Members of Dive Bar swim with a whale shark off the coast of Mexico this summer. (Courtesy Heather Weeter)
Even when lawyers go scuba diving, they’re still lawyers.
The Underwater Bar Association, a lawyer group based in Florida that organizes dives and ocean-related volunteer work, took a handful of members in June far into the Gulf of Mexico for three days.
One evening, the lawyers crowded around the dinner table on the boat where they were staying. Alan Bennett, a solo intellectual property practitioner, fired up a PowerPoint presentation on his laptop. Seventy miles west of the Florida Keys, the lawyers earned a CLE credit.
“It’s a group of lawyers who love to dive and be in the ocean and take care of the ocean,” said Heather Weeter, executive vice president of “Dive Bar” and a Sedgwick associate. “I can tell you times where you have four or five of us on a boat between dives having a heated debate about the law.”
Founded three years ago, Dive Bar grew from 25 members to more than 100 now. For some, it’s an alternative to golf, networking breakfasts and cocktail hours. For many like Weeter and David Black, a Berger Singerman deal lawyer, it’s their passion.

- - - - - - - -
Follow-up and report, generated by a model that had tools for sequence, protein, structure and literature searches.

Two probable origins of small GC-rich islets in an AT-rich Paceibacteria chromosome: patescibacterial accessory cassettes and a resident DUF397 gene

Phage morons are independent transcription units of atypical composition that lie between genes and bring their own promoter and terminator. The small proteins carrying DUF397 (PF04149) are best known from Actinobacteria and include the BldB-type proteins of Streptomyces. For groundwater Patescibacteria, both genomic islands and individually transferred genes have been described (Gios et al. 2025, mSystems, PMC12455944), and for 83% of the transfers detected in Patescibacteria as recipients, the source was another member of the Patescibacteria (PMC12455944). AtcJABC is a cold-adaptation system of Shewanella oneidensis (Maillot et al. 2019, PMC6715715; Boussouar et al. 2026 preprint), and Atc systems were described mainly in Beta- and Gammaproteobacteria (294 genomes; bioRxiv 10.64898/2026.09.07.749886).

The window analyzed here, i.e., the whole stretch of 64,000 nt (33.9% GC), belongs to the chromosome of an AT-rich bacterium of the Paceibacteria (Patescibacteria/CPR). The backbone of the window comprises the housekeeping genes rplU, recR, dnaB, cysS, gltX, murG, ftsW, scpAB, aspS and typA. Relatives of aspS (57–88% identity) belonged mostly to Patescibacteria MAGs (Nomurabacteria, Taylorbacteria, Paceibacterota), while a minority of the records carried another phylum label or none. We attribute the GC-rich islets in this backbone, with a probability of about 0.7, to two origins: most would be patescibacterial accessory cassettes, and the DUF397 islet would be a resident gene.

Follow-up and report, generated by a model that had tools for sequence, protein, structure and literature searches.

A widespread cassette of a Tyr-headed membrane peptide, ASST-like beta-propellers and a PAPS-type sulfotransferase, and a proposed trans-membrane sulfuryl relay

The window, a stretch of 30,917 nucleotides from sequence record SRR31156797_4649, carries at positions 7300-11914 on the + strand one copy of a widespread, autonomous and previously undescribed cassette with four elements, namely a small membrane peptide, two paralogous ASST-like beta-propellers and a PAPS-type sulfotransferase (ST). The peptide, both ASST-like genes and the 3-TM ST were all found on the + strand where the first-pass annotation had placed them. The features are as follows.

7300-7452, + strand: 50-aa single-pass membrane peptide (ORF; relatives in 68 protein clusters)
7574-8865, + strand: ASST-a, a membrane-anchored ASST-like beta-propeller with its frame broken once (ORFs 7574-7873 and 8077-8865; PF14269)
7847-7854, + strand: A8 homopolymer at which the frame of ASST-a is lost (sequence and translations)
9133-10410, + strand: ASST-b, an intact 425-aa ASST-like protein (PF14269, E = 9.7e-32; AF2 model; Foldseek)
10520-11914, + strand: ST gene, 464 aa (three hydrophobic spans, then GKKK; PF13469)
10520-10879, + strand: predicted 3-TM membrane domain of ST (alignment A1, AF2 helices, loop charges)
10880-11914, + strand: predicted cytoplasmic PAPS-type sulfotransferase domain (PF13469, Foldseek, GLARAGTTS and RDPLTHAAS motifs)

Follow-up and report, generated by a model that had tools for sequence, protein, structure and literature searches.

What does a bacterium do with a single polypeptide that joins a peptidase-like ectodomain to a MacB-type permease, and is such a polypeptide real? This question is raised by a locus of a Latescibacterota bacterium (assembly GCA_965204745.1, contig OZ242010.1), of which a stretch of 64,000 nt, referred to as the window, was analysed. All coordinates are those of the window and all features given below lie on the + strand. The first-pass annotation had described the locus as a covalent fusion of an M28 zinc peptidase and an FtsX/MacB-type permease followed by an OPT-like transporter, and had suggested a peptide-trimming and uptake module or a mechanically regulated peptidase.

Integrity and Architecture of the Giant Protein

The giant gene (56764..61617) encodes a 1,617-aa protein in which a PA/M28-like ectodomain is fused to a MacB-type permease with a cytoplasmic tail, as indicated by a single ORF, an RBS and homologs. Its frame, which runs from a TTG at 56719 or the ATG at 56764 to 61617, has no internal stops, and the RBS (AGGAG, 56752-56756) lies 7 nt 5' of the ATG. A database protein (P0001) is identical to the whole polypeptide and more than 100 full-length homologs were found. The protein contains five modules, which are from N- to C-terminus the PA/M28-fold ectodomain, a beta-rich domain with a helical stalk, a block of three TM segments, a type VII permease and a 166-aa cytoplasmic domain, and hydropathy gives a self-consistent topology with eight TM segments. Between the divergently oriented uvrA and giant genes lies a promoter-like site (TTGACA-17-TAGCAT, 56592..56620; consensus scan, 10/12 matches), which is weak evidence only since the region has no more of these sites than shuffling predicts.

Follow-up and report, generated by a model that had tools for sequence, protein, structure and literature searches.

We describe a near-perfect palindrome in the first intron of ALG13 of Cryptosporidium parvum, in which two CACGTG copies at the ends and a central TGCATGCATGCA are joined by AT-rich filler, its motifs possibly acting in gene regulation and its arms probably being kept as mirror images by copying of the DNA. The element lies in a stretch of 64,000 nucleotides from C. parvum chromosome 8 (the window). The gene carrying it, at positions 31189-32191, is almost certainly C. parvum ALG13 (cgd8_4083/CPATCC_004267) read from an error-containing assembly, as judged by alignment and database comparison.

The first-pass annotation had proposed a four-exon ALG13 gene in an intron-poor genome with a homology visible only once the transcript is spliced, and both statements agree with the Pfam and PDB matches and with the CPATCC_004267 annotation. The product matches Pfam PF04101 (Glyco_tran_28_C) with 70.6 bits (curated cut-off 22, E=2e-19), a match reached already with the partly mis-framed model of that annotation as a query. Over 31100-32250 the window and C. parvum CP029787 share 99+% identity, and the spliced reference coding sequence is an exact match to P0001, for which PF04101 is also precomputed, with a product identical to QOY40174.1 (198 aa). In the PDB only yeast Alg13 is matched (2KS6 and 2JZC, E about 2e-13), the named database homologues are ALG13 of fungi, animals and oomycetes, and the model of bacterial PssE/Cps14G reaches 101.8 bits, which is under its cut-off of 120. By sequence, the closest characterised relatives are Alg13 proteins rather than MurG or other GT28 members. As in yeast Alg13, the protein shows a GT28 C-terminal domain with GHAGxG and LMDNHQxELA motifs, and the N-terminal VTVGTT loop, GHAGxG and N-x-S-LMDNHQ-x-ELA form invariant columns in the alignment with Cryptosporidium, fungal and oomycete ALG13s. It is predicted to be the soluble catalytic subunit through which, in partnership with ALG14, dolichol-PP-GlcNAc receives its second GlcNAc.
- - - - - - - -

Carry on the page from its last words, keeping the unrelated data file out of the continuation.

“Isn’t this mesmerizing? I just find it mesmerizing. We’re snorkeling,” Black said, describing a Dive Bar trip he and his wife, also a lawyer, took last month.
The Blacks, Weeter and seven others went to Playa del Carmen, Mexico, for an eight-day, $2,600-a-person trip. They swam with dozens of (docile) whale sharks and in natural underwater caves.
Besides the marvels the dive lawyers have seen, they’ve worked with organizations to protect the sea.
A hammerhead shark wore a satellite tracker the group bought until about six months ago, when it stopped responding. “Jaws,” as they called the shark, either died or was eaten, Black said. The group also holds annual fundraisers and took part in an American Cancer Society Relay for Life by marathon diving instead of walking.
This year, they built out a coral reef in Florida by grafting coral they cut from a nursery into a barren patch underwater. It’s now dubbed the Dive Bar Reef.
The members, however, have work at the back of their minds. The activities help personal injury lawyers get to know defense attorneys, or corporate lawyers mix with in-house counsel. Still, there are perks.
“Your cellphone cannot follow you underwater,” Weeter said.